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Joined: May 7th, 2004, 11:02 am

August 1st, 2008, 12:17 pm #5

Hi, Marcel.

Using your example of Circling Wing... Is the direction of the strike to which you are referring really backward, or should it be up? In the way we execute the technique, after the upward elbow, the right arm stays on the circle and travels a full 45 minutes on the clock from their chin to the groin, striking with the hammerfist on an upswing - not down and back. Using the textbook weight distribution of the reverse bow lowers the height to make this possible. It also gets your upper body out of the way for when they collapse and sets you up to exit with a scoop kick without an "and then" as you are already lighter on the rear leg. I hope that conveyed what I was trying to say.

Hope all is well.

Dan Puleo
I guess it did convey what you were trying to say (or I understood you completely wrong )

The situation you describe is that the opponents feet stay exactly where they were when you apply the upward elbow, which in reality seems highly unlikely to me. He arches his back so that his groin moves towards you, which might enable you to hit his groin upwardly while moving away in your reverse bow.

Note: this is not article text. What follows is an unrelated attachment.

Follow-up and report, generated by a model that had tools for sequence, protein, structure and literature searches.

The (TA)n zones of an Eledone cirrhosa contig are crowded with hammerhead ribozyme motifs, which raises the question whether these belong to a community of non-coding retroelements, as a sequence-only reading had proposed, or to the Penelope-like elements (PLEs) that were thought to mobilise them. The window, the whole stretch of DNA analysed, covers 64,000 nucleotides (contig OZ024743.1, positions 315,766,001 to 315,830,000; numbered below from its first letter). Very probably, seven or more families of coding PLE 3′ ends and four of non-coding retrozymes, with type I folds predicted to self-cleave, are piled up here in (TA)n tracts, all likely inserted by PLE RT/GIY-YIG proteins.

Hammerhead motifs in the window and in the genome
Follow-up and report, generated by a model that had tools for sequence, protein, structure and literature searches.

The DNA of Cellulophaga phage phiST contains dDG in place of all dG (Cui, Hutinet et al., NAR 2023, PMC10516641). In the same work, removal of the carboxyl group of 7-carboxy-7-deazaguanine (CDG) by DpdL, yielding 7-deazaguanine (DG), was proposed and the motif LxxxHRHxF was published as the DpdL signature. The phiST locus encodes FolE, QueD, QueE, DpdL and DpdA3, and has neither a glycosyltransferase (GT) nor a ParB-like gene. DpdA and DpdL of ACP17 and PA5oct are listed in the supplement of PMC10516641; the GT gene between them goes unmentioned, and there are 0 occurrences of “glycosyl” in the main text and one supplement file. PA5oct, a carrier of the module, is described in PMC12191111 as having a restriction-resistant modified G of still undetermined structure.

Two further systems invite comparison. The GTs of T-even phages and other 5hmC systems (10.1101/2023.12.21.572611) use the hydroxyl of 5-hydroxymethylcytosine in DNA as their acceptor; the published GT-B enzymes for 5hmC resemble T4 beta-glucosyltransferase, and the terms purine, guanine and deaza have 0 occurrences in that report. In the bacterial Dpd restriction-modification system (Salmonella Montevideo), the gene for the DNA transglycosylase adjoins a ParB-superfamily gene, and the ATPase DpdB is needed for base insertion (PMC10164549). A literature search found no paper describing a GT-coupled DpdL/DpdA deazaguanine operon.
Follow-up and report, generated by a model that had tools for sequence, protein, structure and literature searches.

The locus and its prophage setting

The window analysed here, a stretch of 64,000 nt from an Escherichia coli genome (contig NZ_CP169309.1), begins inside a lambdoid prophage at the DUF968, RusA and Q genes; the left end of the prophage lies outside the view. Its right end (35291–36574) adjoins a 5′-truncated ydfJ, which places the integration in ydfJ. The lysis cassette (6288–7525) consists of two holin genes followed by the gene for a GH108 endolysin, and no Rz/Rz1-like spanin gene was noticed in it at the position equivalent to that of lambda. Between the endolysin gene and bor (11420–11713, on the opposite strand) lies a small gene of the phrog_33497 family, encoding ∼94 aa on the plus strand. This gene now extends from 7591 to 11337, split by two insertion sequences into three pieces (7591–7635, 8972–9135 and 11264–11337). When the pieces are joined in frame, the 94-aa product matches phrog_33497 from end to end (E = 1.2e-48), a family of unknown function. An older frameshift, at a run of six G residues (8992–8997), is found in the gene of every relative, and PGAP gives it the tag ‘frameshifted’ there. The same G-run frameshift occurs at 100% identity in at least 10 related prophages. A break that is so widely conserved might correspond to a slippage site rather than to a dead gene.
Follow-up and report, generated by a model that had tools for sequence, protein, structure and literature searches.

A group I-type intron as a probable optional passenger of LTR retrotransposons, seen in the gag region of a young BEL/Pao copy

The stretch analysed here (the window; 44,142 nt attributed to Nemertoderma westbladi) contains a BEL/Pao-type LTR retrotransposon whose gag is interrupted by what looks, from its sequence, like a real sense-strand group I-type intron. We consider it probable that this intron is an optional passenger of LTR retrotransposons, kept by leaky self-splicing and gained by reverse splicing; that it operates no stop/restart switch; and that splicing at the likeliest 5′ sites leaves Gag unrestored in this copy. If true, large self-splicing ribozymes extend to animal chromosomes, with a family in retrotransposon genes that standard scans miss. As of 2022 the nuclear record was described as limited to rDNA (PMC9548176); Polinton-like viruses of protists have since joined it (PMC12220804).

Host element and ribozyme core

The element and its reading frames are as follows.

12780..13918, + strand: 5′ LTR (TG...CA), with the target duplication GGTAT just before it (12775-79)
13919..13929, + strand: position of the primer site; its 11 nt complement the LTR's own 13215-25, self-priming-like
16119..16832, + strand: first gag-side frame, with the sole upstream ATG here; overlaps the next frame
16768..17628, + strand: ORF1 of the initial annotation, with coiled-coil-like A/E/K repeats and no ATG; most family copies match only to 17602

In reality however, he will (most of the time) not stay on his feet, but stumble away at least a bit, which would force you to move towards him while striking (either upward or forward). The problem is that once you initiate your upward elbow continuing the circle to the upward underhand hammerfist while moving away in your reverse bow, you'll never be able to adjust in time to hit him even if he is not at the position where you expect him to be.

In other words, the use of the reverse bow moving away might lead to a hit in the groin, while the other way around will absolutely do so. I know which option I want to use.